Source: Recovering a species, Catherine Cluett, The Molokai Dispatch, 19th September 2011

18th September, 2011

Conflicting conservation objectives in a large marine reserve

Recent Publications

Leah R. Gerber, James Estes, Tara Gancos Crawford, Lindsey E. Peavey, Andrew J. Read. 2011. Managing for extinction? Conflicting conservation objectives in a large marine reserve. Conservation Letters 00 (2011) 1–6. DOI: 10.1111/j.1755-263X.2011.00197.x [PDF 238 KB]

18th September, 2011

Opposition to monk seal plan voiced at meeting

Media Watch, Maui News, 17 September 2011

A federal plan to help the survival of the endangered monk seal population ran into stiff opposition Thursday night, especially from Hana fishermen and Native Hawaiians concerned the proposed regulations would hamper their ability to fish.

“Fishing is not a sport in Hana,” said 16-year-old Malia Kahuhu. “We need these fish to eat.” […]

Those speaking out said the draft regulations could lead to closed-off ocean “iceboxes” – just to accommodate the fish-eating seals they compete with for their supper.

However, National Oceanic and Atmospheric Administration officials responded that their proposals would not create closures or restrictions.

Instead, NOAA Marine Mammal Branch Chief Jeff Walters said officials are looking at relocating the seals to promote their reproduction. And, they want to create community partnerships, such as working with fishermen to find sick seals, he added. [Continues]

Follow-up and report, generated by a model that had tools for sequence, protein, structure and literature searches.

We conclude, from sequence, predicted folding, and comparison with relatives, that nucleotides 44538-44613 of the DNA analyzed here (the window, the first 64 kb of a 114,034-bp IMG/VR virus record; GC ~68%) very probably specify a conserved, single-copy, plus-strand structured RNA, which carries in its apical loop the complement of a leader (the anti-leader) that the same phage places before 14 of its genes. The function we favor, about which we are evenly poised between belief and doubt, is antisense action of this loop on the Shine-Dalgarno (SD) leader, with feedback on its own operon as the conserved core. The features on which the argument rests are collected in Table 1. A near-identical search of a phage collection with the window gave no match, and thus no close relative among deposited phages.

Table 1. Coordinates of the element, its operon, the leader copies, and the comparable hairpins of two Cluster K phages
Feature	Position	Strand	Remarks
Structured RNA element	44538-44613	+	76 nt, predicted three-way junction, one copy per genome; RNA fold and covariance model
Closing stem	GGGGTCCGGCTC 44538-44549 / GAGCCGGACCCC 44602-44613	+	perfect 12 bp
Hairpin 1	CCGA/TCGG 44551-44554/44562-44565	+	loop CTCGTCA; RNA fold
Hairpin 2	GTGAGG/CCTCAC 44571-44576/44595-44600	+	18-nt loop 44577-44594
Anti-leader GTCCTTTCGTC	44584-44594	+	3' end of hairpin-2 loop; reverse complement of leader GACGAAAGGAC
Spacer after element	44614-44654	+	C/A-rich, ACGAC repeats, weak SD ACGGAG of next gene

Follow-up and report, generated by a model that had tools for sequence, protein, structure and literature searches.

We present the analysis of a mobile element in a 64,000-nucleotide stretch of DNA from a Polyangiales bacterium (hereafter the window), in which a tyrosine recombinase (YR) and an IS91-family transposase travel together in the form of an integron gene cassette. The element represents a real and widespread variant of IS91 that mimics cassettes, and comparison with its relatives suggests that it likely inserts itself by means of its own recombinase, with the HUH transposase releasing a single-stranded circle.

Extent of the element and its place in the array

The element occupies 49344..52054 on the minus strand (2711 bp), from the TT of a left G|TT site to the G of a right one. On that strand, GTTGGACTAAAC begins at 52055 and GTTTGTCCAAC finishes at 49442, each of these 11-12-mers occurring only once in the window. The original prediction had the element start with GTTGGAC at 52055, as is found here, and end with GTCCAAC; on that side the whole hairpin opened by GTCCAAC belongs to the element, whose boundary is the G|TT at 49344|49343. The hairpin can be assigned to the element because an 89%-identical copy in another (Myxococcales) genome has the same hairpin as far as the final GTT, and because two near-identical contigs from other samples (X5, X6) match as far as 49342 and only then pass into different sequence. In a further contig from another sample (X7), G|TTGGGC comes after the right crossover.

Source: Opposition to monk seal plan voiced at meeting, by Chris Hamilton, Maui News, 17 September 2011

4th September, 2011

Fishermen express doubts on NOAA’s translocation plans

Media Watch, KITV (via YouTube), 31 August 2011

Local fishermen feel a federal proposal to bring 20 monk seal pups to the main Hawaiian Islands will have a devastating impact on the ecosystem and the economy.

Source: KITV (via YouTube), 31 August 2011

4th September, 2011

NOAA clarifies language in impact statement newsletter

Recent Publications

NOAA has released a revised newsletter for the Hawaiian Monk Seal Recovery Actions Programmatic Impact Statement (PEIS). In an accompanying explanation, NOAA states: “The revisions aim to provide clearer language about the proposed alternatives evaluated in the PEIS. Language was changed on page 2 of the newsletter to clarify what Alternatives 1, 2, and 3 would not include.”

NOAA. 2011. Hawaiian monk seal recovery actions. Programmatic environmental impact statement. NOAA Fisheries, Pacific Islands Region. August 2011, Newsletter # 2, Revision # 1: 1-6. [PDF 209 KB]

28th August, 2011

Native to Hawaii

Media Watch, The Molokai Dispatch, 24 August 2011

The Hawaiian Monk Seals are endangered species that need to be restored because they are native, and it is out kuleana as Hawaiians to help save them. The Hawaiian Monk Seal is pre-historic and have been swimming these oceans for about 10,000,000 years. Even King Alexander LihoLiho hunted seals at Nihoa in 1857 during the time of the Hawaiian Monarchy, so that proves that the Hawaiian Monk Seals are native.

On Aug. 8 there was a Critical Habitat Meeting. At that meeting I listened to all na kupuna mana’o about the seals, some good and some bad. I heard some aunties and uncles say that the seals are no good and they eat all the fish, but we forget that the seals were here before us. [Continues]

Source: Hawaiian Monk Seals, by Danielle Mersberg, The Molokai Dispatch, 24 August 2011